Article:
You may have noticed that there were no posts last week. Apologies! I’ve got a humongous workload, and have had to cut myself off from the web almost entirely in order to deal with it.
I thought I’d be finished by now…but guess what. There’s still more to do. So, rather than leave the blog bare for another week, I’m re-running my post from 2009 on the difference between rights and copyright, in slightly updated form. The subject is as relevant now as it was then: copyright is an area of tremendous confusion, both for writers and–more troublingly–for some publishers.
I’ll be checking in from time to time to monitor and respond to comments. Otherwise, I’ll see you next week!
literally, is “the right to copy.” It guarantees the authors of
creative works–including books, artworks, films, recordings, and photographs–the exclusive right for a set period of time to allow other
people to copy and distribute the work, by whatever means and in
whatever media currently exist. It also prohibits copying and
distributing without the author’s permission.
In countries that are signatory to the Berne Convention (which includes the USA, the UK, Europe, and many other countries), you own copyright by law,
automatically, as soon your work is fixed in tangible form–i.e., the
minute you write down the words.
Contained within copyright is the entire bundle of rights
that an author can grant to others or utilize him/herself. For book
authors, this includes the right to publish in print and electronic formats, to
make translations and audio recordings and films, to create
serializations or abridgements or derivative works…the list goes on,
and continues to expand as technology makes different forms of
publication and distribution possible.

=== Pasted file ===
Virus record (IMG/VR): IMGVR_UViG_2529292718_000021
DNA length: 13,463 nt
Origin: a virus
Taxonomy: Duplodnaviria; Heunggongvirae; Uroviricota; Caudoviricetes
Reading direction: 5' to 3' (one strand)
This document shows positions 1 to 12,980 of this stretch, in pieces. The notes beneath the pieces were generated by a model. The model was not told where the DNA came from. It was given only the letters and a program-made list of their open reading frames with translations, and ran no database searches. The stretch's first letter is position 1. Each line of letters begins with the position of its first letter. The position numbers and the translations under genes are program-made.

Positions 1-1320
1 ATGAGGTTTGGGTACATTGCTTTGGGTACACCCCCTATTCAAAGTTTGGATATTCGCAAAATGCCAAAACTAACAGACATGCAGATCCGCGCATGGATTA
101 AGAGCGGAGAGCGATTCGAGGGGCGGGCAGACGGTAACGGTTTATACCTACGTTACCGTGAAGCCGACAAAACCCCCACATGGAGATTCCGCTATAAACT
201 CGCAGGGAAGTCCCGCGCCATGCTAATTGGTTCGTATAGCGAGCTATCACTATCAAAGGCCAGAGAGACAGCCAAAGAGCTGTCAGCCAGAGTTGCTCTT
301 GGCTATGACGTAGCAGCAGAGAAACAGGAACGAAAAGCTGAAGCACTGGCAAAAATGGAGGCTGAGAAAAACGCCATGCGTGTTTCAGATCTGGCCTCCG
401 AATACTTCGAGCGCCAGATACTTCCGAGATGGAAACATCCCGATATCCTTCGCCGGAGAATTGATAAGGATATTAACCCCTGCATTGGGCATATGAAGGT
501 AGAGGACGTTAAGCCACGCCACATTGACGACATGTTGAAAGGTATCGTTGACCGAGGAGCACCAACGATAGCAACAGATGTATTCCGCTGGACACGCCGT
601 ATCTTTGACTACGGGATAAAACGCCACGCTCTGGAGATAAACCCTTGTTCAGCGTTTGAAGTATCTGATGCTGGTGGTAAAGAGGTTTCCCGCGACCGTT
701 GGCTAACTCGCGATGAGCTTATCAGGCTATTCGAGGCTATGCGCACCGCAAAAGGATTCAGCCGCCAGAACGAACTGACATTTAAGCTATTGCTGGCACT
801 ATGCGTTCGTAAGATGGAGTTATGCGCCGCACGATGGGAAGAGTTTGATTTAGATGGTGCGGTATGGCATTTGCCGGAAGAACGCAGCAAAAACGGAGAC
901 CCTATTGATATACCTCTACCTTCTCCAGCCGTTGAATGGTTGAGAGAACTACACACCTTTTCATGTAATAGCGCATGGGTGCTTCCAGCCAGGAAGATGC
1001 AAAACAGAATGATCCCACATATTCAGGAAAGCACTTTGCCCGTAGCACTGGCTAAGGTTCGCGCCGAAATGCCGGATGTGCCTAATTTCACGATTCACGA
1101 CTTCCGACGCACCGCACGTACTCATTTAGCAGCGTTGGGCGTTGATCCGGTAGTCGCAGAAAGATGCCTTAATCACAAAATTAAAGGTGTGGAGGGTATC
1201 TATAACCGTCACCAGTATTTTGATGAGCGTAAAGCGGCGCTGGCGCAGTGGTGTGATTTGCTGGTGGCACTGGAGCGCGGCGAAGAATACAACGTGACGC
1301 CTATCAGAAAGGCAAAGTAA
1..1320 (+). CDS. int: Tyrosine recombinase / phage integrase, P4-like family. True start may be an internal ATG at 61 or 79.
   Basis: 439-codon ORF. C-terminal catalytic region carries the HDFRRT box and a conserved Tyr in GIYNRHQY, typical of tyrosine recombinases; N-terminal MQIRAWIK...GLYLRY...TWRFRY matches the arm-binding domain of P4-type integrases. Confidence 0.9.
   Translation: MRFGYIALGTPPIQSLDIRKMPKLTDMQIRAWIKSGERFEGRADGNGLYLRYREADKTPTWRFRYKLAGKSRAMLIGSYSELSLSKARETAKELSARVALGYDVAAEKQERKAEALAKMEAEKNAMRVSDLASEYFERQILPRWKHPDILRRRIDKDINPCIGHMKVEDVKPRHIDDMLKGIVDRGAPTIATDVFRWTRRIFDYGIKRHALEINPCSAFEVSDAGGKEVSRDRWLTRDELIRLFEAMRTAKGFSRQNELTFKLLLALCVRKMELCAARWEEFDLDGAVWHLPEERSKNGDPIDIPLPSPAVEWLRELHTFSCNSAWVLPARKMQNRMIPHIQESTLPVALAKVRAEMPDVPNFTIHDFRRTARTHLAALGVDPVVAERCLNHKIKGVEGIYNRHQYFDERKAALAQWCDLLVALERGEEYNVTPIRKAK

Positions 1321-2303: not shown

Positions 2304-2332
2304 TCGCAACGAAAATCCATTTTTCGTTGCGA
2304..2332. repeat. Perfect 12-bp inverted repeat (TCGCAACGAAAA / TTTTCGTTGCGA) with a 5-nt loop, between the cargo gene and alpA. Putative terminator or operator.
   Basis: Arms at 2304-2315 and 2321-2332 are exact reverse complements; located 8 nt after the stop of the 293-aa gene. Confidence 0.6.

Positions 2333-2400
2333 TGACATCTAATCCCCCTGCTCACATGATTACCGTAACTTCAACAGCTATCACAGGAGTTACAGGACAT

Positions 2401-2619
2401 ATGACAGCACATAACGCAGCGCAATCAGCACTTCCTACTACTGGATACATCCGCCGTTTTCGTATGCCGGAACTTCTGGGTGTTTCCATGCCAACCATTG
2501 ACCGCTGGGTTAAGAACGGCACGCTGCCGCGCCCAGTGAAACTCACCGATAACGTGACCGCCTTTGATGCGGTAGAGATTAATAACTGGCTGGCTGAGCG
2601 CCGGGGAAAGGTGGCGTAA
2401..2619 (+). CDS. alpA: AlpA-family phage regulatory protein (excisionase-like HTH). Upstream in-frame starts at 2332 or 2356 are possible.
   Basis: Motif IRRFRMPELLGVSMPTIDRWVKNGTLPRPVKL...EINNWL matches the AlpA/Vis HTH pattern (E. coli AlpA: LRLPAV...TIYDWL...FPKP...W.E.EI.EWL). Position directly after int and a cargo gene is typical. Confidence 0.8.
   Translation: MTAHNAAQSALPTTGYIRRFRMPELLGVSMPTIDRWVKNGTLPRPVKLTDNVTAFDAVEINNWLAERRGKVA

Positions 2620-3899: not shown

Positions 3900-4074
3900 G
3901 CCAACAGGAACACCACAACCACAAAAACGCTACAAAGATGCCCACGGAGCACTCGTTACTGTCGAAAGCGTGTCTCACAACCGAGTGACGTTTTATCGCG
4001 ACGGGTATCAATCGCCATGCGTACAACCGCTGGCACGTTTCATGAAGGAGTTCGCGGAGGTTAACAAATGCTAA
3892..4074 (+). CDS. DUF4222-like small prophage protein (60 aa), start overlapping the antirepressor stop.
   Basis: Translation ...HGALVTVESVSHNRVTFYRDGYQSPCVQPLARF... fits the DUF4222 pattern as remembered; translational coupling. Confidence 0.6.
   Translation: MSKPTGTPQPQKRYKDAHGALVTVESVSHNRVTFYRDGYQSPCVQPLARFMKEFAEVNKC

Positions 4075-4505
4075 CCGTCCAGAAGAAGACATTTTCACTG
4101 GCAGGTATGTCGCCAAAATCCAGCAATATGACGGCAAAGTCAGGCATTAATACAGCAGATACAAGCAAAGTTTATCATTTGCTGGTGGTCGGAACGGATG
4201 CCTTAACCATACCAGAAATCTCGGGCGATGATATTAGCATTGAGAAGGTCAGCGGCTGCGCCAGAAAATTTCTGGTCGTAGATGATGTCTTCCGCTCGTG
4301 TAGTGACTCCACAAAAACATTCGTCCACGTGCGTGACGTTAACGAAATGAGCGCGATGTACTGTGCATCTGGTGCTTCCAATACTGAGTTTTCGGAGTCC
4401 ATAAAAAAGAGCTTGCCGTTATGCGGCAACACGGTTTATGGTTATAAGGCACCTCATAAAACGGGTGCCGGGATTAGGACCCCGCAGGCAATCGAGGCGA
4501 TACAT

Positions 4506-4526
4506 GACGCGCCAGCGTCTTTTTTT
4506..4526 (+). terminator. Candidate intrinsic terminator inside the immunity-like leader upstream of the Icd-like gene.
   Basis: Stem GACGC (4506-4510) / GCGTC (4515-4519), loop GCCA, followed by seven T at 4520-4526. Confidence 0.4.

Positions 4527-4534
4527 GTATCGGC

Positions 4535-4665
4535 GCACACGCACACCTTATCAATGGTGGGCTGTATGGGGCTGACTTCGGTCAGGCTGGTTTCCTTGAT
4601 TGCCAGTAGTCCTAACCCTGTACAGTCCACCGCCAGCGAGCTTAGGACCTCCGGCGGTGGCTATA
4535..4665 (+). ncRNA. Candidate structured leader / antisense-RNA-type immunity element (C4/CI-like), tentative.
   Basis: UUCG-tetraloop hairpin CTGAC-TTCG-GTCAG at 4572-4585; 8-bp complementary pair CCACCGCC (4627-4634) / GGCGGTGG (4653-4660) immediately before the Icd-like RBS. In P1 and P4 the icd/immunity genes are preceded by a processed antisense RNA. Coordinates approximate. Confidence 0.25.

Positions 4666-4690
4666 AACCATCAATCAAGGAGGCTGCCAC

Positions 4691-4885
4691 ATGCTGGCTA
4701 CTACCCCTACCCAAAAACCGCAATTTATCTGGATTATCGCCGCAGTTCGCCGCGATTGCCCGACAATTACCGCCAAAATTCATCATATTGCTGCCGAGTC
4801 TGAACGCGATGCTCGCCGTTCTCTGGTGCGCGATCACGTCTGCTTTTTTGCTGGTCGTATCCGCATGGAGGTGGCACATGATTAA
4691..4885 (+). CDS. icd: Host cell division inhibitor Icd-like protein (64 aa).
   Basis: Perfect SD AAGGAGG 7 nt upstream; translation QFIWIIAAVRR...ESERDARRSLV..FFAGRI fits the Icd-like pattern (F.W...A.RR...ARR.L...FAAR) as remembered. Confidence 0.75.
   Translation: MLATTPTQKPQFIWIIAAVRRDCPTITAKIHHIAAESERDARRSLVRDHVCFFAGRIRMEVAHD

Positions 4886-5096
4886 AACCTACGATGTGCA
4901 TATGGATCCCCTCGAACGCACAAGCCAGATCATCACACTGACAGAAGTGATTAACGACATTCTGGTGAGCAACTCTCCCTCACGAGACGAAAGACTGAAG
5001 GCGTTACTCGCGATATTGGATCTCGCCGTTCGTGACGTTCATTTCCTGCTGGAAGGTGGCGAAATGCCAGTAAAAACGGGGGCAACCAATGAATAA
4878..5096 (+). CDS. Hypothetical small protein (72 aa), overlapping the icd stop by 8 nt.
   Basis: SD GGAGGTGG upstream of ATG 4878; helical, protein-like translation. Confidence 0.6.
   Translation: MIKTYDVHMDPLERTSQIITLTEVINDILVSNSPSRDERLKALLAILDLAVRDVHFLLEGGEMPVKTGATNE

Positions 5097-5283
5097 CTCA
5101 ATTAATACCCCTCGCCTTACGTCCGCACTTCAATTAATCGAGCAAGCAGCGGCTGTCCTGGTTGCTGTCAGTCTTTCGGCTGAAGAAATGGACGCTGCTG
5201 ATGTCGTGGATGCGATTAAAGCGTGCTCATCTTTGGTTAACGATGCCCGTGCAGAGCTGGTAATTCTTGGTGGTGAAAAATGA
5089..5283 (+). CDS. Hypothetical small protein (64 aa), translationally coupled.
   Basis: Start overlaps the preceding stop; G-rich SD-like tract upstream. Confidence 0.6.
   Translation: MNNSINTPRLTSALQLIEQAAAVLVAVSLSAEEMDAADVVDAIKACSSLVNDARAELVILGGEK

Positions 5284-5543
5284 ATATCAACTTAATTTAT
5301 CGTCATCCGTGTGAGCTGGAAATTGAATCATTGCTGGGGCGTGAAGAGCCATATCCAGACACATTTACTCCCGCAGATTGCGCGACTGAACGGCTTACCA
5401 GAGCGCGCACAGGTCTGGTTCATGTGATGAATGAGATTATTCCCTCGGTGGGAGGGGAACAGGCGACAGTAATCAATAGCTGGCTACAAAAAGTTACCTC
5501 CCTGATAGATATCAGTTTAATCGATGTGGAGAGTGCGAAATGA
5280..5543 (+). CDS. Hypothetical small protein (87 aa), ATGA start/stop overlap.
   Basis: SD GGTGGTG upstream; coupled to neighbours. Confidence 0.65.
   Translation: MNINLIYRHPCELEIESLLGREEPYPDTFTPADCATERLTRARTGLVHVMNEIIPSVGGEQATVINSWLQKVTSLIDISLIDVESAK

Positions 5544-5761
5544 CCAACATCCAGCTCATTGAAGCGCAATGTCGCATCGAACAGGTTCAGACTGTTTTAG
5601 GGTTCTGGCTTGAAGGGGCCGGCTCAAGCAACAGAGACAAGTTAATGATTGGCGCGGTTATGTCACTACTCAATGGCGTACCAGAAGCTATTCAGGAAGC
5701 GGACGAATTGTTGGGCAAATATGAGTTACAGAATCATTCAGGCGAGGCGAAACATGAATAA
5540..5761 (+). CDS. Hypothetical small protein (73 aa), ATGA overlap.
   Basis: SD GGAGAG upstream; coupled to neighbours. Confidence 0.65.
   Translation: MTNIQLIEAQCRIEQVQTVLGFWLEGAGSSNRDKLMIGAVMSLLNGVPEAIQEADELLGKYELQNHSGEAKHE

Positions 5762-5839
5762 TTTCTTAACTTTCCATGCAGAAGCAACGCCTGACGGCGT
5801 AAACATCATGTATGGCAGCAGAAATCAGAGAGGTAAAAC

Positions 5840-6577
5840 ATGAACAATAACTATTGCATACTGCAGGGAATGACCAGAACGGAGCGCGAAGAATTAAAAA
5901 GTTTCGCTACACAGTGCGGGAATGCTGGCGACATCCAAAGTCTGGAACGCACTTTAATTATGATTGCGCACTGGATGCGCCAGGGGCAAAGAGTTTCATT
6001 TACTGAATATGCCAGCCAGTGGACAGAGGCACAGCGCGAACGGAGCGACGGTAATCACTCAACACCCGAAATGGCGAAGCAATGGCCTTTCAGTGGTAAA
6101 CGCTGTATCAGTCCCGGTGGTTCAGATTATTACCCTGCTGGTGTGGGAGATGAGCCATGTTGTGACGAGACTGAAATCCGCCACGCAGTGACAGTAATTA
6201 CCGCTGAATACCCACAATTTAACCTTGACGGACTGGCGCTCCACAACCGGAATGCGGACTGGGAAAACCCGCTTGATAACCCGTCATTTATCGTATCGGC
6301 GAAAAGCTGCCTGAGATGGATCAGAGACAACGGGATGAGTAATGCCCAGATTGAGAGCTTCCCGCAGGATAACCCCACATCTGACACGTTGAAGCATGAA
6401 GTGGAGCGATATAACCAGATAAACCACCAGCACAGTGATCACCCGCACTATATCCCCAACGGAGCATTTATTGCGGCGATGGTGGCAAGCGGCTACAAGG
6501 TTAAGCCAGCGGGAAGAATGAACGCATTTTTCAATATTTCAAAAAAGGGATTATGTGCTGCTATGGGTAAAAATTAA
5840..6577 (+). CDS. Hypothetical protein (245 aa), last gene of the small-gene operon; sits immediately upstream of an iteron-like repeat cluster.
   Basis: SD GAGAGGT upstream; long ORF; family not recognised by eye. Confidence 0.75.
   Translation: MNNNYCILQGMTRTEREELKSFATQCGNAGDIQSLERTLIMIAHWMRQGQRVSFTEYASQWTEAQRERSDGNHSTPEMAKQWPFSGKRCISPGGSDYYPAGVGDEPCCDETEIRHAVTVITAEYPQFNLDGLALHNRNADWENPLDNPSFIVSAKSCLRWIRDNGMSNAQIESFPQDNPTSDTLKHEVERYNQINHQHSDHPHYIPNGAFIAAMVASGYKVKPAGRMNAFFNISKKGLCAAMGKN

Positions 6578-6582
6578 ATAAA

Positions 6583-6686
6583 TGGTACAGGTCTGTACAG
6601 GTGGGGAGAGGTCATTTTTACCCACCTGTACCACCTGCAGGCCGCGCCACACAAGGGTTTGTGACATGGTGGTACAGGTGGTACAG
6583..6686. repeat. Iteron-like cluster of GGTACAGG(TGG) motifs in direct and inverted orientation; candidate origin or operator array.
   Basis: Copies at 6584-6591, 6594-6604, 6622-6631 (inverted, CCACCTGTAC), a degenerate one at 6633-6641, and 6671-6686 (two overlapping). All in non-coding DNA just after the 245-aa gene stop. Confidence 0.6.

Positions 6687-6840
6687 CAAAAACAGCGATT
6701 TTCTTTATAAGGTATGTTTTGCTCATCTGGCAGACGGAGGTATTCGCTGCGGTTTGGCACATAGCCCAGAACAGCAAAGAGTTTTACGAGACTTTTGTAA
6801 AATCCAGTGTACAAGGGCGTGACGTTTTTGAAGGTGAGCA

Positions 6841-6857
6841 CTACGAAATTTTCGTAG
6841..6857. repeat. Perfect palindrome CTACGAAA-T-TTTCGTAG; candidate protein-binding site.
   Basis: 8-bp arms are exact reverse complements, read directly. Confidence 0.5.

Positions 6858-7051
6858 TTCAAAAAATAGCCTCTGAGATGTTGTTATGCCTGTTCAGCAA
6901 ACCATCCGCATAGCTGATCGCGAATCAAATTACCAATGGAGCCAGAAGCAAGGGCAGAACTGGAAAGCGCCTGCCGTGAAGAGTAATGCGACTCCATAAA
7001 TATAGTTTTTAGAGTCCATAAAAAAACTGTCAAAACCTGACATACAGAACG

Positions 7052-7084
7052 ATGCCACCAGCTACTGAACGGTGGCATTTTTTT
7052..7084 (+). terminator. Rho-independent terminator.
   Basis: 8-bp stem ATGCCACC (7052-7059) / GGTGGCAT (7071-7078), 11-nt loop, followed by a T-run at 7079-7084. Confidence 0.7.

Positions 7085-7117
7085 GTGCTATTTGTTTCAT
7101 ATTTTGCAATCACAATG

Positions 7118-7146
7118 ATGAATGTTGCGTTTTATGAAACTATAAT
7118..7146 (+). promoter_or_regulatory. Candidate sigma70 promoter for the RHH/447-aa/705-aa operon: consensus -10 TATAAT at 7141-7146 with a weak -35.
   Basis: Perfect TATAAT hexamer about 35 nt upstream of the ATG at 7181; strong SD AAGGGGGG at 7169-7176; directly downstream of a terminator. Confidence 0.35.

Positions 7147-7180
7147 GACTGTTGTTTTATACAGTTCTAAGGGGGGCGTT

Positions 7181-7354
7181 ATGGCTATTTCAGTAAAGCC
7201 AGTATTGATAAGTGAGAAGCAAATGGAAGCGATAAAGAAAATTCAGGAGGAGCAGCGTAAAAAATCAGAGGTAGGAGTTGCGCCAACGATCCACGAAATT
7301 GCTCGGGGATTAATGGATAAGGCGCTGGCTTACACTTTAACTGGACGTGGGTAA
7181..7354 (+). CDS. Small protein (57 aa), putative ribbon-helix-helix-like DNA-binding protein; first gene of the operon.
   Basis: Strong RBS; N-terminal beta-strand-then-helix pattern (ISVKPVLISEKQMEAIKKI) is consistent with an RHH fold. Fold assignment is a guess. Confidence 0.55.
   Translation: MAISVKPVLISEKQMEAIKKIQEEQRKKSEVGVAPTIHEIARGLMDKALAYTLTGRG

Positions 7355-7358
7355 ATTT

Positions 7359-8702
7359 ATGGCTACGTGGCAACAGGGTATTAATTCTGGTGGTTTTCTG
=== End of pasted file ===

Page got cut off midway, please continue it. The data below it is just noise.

When you sign a publishing
contract, you are granting the publisher permission to exploit (i.e.,
to publish and distribute for profit) some or all of your rights for a
defined period of time. Because you own the copyright, granting rights
doesn’t mean you lose or abandon those rights–merely that you authorize
someone else to use them for a while, either exclusively (i.e., no one else
can use them at the same time) or nonexclusively (i.e., you can also grant
them to others).
Eventually, once the contract term has expired or the
book has ceased to sell in significant numbers, the publisher will cease
publication and relinquish its claim on your rights. This is known as
rights reversion. Sometimes reversion is automatic (as in a fixed-term
contract); sometimes you must request reversion after the book has been
declared out of print (as in a life-of-copyright contract). Once your
rights have reverted, you are free to re-sell them if you can or use
them yourself, as you choose.
For many readers of this blog, the
above will seem pretty elementary. But confusion between rights and
copyright is common–not just among authors (one especially frequent misplaced
fear is that granting rights to a publisher means you lose them forever), but among
inexperienced publishers. If I had a dollar for every small press
contract I’ve seen that hopelessly conflates rights and copyright (for
instance, requiring writers to relinquish copyright, but then reserving a
variety of subrights to the author), my husband and I could treat ourselves to a
very fancy dinner.
Some suggestions on how to untangle the confusion and protect yourself:
- First and foremost, understand copyright and the rights it gives you. The US Copyright Office, the UK Intellectual Property Office, and the Australian Copyright Council
all offer information. The more you know, the more likely it is that
you’ll recognize bad contract clauses when you run across them.
- Try to submit only to established and reputable publishers. This can involve a lot of research (you can always contact Writer Beware to see if we’ve heard anything), but it’s well worth it on many levels. It’s not a guarantee of a standard, author-friendly contract–but it gives you much better
- Except in specific circumstances, such as doing work-for-hire, don’t give away your copyright, not even temporarily. Inexperienced publishers sometimes ask for this, believing they need it
to properly exploit authors’ rights. They don’t–and if things go